JACKSONVILLE, Fl -- Hurricane Irma's flooding and strong winds turned so many lives upside down, among them Arlington residents Dan and Molly Matyi. "On September 11th this tree hit our home and it sounded like a bomb went off," said Dan Matyi. The tree, which they said has a circumference of 9 feet, crushed the roof of their home. "It definitely has rocked our world," he said. It destroyed their kitchen and dining room and damaged several roof joists.
JACKSONVILLE, Fla. -- Residents were surprised when inspectors showed up at Eureka Garden apartments. They say it is long overdue. "I cried this morning," said Eureka Garden Tenants Association president Tracy Grant." I am still crying." Grant called for a federal investigation into the living conditions at the community. "They will no longer sweep it under the rug, it is enough," she said.
UPDATE: this is a statement from the co-managing partner of the apartment complex:Our corporate office heard about your story yesterday for the first time. In answer to your query; yes we are compassionate to Mr. Lighfoot's story and his son's loss. However, his son did not present himself as the executor of his estate, the emergency contact on Mr. Lightfoot's lease application is a daughter and his son is mentioned nowhere.
Muck Rack makes it simple to find people, tweets, or articles that mention any name, keyword, company, hashtag etc. We've compiled this guide to help you make the most of your search.
Selecting a term
Start searching tweets, articles from media outlets, articles mentioned in tweets, journalists'
names, titles and bios with some suggested searches:
Companies or Topics (e.g. iPhone, Microsoft)
Phrases (e.g. "cloud computing") — use quotes to keep the terms together
Twitter handles (e.g. @username) — returns those who have mentioned or replied to
Names (e.g. "David Pogue")
Hashtags (e.g. #sxsw, #london2012)
Bio details (e.g. vegan, Olympics, father)
Muck Rack's Advanced Search allows for many boolean operators.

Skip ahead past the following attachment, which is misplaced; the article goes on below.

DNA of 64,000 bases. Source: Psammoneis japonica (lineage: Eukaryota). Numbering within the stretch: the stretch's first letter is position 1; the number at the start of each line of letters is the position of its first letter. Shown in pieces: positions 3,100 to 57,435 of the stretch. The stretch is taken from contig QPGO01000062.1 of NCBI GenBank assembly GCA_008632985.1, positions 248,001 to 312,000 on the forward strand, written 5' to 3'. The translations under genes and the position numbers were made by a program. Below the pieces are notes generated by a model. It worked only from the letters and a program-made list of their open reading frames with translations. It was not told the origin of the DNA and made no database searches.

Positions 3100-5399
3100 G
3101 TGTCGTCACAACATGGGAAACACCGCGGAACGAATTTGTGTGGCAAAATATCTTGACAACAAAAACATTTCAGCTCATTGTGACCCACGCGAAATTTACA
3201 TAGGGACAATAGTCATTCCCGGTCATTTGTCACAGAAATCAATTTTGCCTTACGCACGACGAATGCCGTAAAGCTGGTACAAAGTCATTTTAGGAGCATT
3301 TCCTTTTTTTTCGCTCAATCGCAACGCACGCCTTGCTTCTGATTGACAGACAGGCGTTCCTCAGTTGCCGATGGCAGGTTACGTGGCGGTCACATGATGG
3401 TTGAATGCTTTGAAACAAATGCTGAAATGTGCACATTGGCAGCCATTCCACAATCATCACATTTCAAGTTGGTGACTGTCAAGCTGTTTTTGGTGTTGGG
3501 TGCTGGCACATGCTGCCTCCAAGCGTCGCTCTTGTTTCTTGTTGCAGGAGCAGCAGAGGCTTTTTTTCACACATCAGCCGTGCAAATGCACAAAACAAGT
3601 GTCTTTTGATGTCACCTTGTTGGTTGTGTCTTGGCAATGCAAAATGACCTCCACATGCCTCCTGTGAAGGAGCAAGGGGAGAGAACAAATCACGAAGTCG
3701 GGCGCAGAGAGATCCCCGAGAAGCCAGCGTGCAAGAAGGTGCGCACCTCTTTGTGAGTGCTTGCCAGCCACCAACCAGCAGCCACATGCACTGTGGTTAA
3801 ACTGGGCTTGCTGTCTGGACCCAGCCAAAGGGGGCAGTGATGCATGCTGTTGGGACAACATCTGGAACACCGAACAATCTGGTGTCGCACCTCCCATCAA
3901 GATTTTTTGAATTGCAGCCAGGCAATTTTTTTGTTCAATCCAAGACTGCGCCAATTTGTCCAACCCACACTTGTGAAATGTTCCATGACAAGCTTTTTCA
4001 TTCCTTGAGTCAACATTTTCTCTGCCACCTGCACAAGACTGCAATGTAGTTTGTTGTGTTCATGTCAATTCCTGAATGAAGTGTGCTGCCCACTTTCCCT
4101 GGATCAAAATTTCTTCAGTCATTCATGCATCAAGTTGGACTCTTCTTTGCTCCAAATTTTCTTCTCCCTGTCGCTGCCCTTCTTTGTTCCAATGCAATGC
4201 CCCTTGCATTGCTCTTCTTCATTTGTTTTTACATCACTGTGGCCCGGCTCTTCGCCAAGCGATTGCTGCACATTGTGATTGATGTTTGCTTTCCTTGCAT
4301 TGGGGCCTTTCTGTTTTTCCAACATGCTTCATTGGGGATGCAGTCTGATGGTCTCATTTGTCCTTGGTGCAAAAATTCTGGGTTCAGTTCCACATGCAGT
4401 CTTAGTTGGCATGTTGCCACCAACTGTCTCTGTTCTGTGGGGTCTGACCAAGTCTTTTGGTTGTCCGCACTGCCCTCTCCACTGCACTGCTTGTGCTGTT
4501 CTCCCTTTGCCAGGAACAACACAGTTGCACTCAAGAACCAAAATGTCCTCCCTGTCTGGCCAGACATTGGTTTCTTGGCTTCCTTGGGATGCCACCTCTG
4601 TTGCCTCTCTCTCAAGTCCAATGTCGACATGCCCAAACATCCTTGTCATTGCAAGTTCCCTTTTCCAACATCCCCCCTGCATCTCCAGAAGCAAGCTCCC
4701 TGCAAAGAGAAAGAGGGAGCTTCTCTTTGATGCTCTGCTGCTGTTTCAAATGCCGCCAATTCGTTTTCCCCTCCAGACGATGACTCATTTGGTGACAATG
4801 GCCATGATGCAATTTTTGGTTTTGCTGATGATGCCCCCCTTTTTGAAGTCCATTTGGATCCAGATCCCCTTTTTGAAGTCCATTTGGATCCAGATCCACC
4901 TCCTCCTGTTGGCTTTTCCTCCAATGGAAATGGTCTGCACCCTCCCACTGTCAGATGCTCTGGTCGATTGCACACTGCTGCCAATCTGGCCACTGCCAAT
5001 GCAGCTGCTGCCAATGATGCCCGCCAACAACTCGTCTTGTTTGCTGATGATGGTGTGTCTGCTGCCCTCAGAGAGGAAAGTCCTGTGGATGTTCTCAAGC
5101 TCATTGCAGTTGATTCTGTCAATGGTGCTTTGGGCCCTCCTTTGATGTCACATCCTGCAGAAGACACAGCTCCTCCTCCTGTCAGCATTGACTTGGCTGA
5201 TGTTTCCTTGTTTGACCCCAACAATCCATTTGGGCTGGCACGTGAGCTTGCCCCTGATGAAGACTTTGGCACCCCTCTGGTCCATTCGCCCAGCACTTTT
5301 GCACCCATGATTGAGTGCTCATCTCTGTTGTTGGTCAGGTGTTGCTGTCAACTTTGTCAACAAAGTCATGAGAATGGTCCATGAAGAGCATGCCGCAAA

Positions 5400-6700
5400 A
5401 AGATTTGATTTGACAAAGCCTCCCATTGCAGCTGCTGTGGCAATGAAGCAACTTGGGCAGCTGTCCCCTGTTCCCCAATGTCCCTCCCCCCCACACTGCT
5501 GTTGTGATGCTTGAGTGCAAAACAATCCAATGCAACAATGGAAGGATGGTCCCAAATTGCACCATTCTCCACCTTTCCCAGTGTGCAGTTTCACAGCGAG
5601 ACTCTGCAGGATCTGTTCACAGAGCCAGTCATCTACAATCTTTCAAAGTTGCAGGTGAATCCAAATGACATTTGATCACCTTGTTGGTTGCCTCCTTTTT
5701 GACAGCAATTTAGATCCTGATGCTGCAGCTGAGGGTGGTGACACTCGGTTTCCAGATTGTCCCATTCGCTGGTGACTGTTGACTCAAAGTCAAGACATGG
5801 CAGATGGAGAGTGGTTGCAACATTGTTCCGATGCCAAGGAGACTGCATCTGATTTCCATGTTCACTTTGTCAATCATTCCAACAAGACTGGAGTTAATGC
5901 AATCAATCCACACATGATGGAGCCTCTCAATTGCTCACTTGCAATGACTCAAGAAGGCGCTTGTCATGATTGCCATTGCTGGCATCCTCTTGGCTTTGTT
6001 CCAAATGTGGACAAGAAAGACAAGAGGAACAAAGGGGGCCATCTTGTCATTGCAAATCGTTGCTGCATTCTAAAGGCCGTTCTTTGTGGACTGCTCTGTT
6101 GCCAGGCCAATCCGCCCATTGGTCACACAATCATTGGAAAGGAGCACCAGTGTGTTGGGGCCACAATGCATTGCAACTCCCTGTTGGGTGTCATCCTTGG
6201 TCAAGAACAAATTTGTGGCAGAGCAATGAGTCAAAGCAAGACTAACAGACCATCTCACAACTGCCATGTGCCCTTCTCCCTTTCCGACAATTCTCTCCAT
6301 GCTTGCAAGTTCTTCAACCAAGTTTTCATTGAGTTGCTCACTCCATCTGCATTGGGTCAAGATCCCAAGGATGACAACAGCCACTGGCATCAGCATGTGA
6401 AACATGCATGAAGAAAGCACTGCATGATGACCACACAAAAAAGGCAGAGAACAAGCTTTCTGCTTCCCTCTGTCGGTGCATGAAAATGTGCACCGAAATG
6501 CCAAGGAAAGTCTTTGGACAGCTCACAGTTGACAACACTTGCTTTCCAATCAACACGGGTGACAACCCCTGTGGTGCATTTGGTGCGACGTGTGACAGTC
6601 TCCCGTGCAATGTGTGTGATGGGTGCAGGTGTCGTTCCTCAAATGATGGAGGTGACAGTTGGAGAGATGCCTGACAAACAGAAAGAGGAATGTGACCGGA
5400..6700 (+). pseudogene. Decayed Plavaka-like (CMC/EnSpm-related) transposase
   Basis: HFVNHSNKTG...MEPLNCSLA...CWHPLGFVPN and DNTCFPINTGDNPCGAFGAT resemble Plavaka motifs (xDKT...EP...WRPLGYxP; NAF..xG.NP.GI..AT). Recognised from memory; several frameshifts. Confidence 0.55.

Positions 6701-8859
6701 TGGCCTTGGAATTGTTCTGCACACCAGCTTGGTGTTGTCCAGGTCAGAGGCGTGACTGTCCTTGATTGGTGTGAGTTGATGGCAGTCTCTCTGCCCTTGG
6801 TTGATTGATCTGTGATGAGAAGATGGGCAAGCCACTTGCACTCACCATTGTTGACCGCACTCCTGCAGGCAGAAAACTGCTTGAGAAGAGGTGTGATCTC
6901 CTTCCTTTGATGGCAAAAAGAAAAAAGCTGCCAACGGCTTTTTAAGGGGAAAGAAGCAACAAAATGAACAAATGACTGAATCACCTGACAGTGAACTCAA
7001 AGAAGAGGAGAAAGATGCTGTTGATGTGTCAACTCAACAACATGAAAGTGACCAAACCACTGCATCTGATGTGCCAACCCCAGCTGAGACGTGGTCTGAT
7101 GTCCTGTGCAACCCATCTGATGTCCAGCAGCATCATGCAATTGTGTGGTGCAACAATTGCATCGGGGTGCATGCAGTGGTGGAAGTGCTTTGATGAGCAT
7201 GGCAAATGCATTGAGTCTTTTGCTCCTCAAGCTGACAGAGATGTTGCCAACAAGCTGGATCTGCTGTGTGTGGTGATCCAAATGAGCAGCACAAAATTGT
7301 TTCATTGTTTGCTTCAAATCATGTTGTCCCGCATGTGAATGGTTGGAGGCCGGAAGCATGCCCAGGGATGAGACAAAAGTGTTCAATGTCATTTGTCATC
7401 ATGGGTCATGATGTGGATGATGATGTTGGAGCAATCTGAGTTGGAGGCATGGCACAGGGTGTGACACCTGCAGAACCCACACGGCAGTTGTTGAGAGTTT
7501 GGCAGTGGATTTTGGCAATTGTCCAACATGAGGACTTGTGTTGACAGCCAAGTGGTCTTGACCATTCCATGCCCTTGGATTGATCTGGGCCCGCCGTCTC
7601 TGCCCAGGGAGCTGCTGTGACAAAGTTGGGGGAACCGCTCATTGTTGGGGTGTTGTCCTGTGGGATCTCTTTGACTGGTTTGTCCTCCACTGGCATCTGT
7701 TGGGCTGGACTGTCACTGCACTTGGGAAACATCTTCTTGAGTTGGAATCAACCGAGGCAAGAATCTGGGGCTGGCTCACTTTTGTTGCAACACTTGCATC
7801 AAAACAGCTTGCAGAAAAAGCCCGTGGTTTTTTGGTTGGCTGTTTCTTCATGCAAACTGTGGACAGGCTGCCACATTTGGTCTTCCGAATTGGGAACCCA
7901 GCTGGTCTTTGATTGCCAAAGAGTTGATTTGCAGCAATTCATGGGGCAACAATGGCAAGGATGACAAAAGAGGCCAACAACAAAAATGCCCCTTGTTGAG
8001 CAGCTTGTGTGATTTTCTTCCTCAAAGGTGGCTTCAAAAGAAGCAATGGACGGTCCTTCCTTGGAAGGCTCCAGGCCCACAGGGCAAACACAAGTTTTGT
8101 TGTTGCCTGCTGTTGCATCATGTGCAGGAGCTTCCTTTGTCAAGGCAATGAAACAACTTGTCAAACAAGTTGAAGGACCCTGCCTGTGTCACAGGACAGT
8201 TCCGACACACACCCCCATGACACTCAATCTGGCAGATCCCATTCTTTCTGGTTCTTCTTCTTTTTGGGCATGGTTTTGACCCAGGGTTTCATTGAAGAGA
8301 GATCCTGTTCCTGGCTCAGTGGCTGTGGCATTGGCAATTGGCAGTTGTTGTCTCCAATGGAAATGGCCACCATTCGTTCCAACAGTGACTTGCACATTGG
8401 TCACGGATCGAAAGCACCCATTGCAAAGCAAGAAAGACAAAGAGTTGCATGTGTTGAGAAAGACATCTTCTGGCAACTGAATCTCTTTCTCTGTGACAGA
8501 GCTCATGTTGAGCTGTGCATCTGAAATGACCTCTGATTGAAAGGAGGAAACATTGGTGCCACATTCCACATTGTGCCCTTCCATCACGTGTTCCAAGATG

Find results that mention multiple specified terms, use AND or
+. For example, ensure each result contains both Elon Musk and Mark Zuckerberg by
searching Musk AND Zuckerberg or Musk + Zuckerberg.
Use the operators OR or , to broaden your search when you'd like either of
multiple terms to appear in results. (This is the default behavior of our search when no operators
are used). For example, results will contain either cake or cookie by searching cake OR cookie or cake,cookie
Use NOT or - to subtract results from your search. For
example, searching Disney will yield results about the Walt Disney Company as well as Walt Disney
World Resort. To exclude mentions of Disney World, search for Disney -World or Disney
When using one of these operators with a phrase, enclose it in quotation marks. For example, you can
find results about smartphones excluding Apple's iPhone 4S by searching smartphone -"iPhone
Exact case matching or punctuation
If you're searching for a brand name or keyword that relies on specific punctuation marks or capitalization, you can
find results that match your exact query by adding matchcase: before the keyword you're searching for, like matchcase:E*TRADE .
Use parentheses to separate multiple
boolean phrases. For example, to find journalists talking about having fun in Disney World or
Disneyland, search for ("disney world" OR disneyland) AND fun.
An asterisk can be used to search for any variation of a root word truncated by the asterisk. For example, searching for admin* will return results for administrator, administration, administer, administered, etc.
A near operator is an AND operator where you can control the distance between the words. You can vary the distance the near operation uses by adding a forward slash and number (between 0-99) such as strawberries NEAR/10 "whipped cream", which means the strawberries must exist within 10 words of "whipped cream".